18:26 GMT05 December 2020
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    Refugee and Migrant Crisis in Europe (162)

    Despite the fact that Sweden is universally regarded as one of the premier welfare states, Swedes are moving away at an alarming rate. Recent figures indicate an ongoing mass-migration, even higher than that of the 19th century, when thousands of poverty-stricken Swedes left their home country for a better life.

    A police bus is parked by the entrance to Arlanda airport, outside Stockholm
    © AFP 2020 / Johan Nilsson / TT NEWS AGENCY
    Recent data from the country's official number-cruncher Statistics Sweden (SCB) indicate that no less than 55,830 Swedes left the Nordic nation in 2015. Currently, the rate of migration from Sweden is estimated to have doubled compared to 30 years ago and is on par with the period of mass exodus of Swedes to the United States in the 19th century, Swedish daily Dagens Nyheter reported. Moreover, the largest number of people to leave Sweden in a single year during that period was 50,786, which was recorded in 1887.

    The return of foreign-born residents is believed to be the foremost reason for the surge in departures. Around 24 percent of the returnees were born in Asia, compared to 10 percent born in another Nordic country. A third of the total number of departures are nevertheless people born in Sweden.

    Remarkably, the statistics from SCB also reflected a change in émigrés' preferences, which mirror the economic situation in Scandinavia. Conversely, Swedish emigration to Norway has decreased by 58 percent since 2011. Norway, which has, ever since the discovery of the vast oil and gas resources in the Norwegian Sea in 1960s, attracted fellow Northerners with huge salaries and career perspectives, is at present suffering from unemployment amid an economic slump, has become a much less desirable destination.

    Interior of a tent at a temporary tent camp at Revinge outside the city Lund in southern Sweden
    © AFP 2020 / TT NEWS AGENCY / Drago Prvulovic
    By contrast, the number of Finns moving to Sweden has grown over the last four years. The 2,733 Finns who settled in Sweden in 2015 are the largest amount during the past decade. Finns have for 800 years formed Sweden's largest ethnic minority group ever since the Swedish conquest of Finland. In Sweden, Finns and their descendants constitute up to 430,000 people in a nation of roughly 10 million. In the 1970s, Finns were the major immigrant group in Sweden, as opposed to Syrians, Eritreans and Afghans in 2015.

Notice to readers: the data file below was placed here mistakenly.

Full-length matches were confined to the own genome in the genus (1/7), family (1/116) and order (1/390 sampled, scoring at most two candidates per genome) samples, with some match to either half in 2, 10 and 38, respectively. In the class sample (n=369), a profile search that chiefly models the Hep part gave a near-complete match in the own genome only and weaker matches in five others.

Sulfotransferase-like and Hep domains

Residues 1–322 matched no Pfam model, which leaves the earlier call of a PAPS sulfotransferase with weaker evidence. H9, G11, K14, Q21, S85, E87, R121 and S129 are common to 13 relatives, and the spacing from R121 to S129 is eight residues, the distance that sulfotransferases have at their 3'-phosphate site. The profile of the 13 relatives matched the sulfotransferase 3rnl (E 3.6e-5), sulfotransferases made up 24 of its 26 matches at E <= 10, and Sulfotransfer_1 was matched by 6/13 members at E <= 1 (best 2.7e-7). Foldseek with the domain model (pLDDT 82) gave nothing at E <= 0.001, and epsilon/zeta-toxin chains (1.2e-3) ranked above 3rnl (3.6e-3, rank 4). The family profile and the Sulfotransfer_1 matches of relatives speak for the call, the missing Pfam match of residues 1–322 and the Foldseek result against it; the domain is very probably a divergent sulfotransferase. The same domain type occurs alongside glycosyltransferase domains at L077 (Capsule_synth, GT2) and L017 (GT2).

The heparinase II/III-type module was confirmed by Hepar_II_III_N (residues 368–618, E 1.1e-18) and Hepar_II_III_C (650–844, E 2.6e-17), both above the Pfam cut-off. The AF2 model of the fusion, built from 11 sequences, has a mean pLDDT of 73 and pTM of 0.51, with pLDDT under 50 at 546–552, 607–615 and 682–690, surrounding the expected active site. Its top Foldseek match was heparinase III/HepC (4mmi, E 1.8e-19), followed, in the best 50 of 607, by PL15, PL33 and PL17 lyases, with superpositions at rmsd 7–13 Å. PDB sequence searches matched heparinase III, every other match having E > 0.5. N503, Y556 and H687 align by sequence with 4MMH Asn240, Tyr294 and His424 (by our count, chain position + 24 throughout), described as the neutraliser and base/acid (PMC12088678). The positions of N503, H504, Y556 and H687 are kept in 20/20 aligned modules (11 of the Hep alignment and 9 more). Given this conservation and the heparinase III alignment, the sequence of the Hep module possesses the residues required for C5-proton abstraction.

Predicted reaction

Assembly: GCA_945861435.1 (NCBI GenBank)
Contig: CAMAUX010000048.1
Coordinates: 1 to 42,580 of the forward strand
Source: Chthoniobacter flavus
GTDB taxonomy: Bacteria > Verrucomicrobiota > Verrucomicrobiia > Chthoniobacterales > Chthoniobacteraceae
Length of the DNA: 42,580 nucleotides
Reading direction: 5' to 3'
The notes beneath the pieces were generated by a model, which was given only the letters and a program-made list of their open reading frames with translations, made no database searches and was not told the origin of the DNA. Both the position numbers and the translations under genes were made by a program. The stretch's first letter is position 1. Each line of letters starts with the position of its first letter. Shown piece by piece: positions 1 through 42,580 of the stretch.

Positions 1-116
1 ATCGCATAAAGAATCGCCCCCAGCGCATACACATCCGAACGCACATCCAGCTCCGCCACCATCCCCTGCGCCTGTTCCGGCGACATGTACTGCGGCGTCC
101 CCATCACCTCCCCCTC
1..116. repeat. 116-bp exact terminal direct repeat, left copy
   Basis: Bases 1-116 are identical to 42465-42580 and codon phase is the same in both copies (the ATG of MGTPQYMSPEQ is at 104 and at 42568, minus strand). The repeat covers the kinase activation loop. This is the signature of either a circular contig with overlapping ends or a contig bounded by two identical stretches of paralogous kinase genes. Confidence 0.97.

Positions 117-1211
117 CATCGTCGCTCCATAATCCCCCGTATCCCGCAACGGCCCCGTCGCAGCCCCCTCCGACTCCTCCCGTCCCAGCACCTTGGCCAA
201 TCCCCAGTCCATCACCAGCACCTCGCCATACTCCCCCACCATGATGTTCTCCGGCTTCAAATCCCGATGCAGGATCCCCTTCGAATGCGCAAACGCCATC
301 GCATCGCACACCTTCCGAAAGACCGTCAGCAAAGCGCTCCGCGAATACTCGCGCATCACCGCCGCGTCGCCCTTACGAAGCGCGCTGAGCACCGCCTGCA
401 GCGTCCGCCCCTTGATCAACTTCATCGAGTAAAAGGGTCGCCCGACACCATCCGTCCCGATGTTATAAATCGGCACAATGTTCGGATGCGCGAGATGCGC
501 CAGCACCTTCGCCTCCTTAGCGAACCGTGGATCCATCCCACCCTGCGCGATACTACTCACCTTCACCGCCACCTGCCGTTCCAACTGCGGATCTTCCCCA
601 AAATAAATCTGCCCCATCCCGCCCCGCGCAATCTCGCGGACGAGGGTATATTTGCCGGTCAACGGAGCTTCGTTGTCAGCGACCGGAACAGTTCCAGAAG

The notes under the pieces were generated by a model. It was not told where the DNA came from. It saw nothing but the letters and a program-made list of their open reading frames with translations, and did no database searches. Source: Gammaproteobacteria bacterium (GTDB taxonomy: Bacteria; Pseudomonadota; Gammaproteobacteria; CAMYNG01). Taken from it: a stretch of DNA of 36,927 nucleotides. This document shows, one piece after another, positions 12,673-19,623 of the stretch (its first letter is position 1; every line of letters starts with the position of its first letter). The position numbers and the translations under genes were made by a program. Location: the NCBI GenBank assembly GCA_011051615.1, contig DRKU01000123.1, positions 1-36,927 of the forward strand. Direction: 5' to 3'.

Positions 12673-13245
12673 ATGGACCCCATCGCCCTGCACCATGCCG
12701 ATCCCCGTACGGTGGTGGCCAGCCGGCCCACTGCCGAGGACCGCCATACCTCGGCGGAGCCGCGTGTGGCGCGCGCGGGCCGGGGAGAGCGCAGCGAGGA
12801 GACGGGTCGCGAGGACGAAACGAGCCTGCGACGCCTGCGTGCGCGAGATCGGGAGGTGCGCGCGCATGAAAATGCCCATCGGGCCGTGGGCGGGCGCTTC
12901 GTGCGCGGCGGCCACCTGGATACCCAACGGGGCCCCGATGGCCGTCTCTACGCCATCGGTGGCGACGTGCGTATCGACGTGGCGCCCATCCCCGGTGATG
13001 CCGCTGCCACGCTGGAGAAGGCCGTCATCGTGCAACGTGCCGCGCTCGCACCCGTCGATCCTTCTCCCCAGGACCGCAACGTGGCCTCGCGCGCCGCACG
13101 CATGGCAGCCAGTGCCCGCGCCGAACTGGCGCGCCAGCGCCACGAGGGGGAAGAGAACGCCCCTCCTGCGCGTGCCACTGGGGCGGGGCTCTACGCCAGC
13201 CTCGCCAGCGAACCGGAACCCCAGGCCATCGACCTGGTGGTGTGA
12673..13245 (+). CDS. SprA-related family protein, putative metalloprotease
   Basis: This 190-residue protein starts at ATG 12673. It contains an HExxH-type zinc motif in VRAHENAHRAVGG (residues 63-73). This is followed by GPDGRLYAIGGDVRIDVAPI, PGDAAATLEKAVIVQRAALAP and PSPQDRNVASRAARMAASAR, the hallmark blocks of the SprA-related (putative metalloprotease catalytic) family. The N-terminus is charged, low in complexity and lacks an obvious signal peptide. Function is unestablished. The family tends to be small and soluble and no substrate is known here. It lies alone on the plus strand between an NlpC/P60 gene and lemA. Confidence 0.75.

Since the 1940s, immigration to Sweden has continually outweighed emigration and has in recent decades became the major factor behind Sweden's population growth. In 2015, 1.6 million Swedish inhabitants were born abroad, equivalent to over 16 percent.

    On the other hand, the US remains the country with the highest proportion of people of Swedish descent. At present, about eight million Americans have Swedish roots, of which 4.5 million have been confirmed as Swedish Americans. Most of them trace their ancestry from Swedish immigrants in the 19th century, when a total of 1.3 million Swedes settled in the US due to population growth, lack of industrial jobs and farmlands, as well as repetitive crop failures. Today, Minnesota remains the state with the most inhabitants of Swedish descent by a wide margin.

    ​Among other, Swedish-born Alexander Samuelsson became famous for having designed the trademark curvy Coca-Cola bottle.

    Refugee and Migrant Crisis in Europe (162)


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    emigration, migrant crisis, immigration, Scandinavia, Sweden, US, Finland
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